NHPCO’s talking points on NEJM article

The National Hospice and Palliative Care Organization (NHPCO) in Alexandria, VA, has issued a list of talking points hospices can use when discussing the New England Journal of Medicine-published study on Oregon patients who died after refusing food and water. The NHPCO talking points include the following:

• Hospice supports a patient’s right to choose care or refuse unwanted medical treatment.

• A patient who elects hospice care may often stop curative treatments and allow the illness to follow a natural progression leading to death.

• Hospice is committed to honoring patient autonomy and places the wishes of the patient at the center of care.

• Through proper education and support, hospices prepare patients and families for the journey they can expect to experience. An understanding that hospice will address fears and concerns brings comfort to all those whom hospice serves.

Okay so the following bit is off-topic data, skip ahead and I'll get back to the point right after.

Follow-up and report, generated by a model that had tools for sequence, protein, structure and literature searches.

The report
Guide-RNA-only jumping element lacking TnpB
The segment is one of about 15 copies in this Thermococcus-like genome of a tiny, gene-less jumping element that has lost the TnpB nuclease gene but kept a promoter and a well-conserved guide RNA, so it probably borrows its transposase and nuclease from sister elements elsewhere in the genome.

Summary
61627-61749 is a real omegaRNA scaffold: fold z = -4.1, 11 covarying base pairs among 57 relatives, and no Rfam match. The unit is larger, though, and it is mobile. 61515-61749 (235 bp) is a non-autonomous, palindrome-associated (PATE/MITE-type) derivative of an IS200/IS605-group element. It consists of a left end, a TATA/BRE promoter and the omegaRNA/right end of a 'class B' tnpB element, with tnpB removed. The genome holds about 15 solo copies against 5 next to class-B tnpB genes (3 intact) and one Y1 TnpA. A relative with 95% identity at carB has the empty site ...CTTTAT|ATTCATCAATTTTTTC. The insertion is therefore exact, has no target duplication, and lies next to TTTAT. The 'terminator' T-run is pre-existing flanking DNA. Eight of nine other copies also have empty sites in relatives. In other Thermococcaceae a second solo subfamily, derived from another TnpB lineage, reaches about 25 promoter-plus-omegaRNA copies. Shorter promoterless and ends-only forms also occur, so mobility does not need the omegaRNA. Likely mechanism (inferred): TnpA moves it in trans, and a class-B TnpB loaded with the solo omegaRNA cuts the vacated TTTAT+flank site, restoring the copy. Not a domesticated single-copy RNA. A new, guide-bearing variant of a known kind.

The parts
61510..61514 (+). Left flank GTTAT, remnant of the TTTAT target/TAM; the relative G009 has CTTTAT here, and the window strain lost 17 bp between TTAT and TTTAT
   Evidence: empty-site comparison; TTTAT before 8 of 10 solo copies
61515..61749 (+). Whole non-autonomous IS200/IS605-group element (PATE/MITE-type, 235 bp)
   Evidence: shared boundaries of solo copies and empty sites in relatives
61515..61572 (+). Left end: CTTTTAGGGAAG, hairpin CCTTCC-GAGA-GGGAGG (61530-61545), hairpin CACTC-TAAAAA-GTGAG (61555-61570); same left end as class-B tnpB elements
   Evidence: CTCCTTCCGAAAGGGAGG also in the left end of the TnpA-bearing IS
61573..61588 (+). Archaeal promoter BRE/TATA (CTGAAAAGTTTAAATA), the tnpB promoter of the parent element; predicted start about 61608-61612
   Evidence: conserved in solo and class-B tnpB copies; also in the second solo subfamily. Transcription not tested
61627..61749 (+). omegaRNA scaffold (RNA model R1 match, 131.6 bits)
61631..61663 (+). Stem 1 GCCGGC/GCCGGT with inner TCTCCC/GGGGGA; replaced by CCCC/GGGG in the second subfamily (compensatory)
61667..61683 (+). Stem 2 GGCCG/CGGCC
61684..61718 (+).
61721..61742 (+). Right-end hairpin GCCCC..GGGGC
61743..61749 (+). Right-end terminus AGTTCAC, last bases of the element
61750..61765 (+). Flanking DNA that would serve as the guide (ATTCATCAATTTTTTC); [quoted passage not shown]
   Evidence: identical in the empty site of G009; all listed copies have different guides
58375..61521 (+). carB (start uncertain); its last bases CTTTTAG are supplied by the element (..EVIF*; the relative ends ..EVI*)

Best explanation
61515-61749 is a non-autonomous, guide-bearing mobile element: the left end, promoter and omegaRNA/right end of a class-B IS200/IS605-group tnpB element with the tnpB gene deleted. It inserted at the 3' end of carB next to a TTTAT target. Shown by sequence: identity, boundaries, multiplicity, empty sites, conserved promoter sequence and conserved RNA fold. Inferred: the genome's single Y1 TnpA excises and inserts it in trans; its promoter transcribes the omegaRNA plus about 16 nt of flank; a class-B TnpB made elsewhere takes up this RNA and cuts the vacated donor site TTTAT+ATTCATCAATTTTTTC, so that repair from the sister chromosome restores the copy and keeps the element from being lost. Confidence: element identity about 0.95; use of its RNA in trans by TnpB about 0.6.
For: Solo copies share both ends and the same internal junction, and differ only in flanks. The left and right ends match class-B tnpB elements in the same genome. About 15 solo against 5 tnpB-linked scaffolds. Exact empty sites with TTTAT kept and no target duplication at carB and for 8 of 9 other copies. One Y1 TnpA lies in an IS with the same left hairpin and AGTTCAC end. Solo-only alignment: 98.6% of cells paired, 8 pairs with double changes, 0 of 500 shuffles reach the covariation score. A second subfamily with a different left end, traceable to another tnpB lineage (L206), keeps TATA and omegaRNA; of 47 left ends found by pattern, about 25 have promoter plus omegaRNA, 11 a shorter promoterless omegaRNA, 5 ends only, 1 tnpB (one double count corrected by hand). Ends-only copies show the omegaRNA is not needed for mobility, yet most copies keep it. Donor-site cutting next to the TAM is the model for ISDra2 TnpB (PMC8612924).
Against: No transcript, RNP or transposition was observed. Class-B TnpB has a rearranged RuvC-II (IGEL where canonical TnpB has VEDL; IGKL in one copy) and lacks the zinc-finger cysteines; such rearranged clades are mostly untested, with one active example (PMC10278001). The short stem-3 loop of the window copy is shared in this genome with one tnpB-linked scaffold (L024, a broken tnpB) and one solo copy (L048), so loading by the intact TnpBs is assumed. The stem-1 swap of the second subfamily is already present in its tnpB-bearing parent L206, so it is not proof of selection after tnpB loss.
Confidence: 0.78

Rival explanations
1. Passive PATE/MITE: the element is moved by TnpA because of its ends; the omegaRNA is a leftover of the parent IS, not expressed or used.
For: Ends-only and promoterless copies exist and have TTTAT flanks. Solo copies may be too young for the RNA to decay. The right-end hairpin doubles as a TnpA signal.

• Hospice utilizes an interdisciplinary team of health care professionals and trained volunteers to address symptom control, pain management, and emotional and spiritual support tailored to the patient’s needs and wishes.

• More than 885,000 patients were served by the nation’s 3,200 hospice providers in 2002.

• A very, very small number of hospice patients actually make the choice to stop food and fluids to hasten their own death.

• Every year, more than 10,000 people die with hospice care in Oregon. The study revealed only 102 hospice patients who made the choice to stop eating and drinking.

• The nutritional and hydration needs of patients actively dying are different from the needs of persons in good health. As death nears, the body begins to "shut down," and food and fluid requirements decrease.

• In discussing nutritional needs of patients, NHPCO’s Standards of Practice for Hospice Programs say, "the interdisciplinary team assesses the patient’s nutritional needs and implements nutritional care as desired by the patient and family." The nutritional and hydration needs of a patient are carefully assessed and discussed with each patient and adjusted according to each patient’s preference and needs.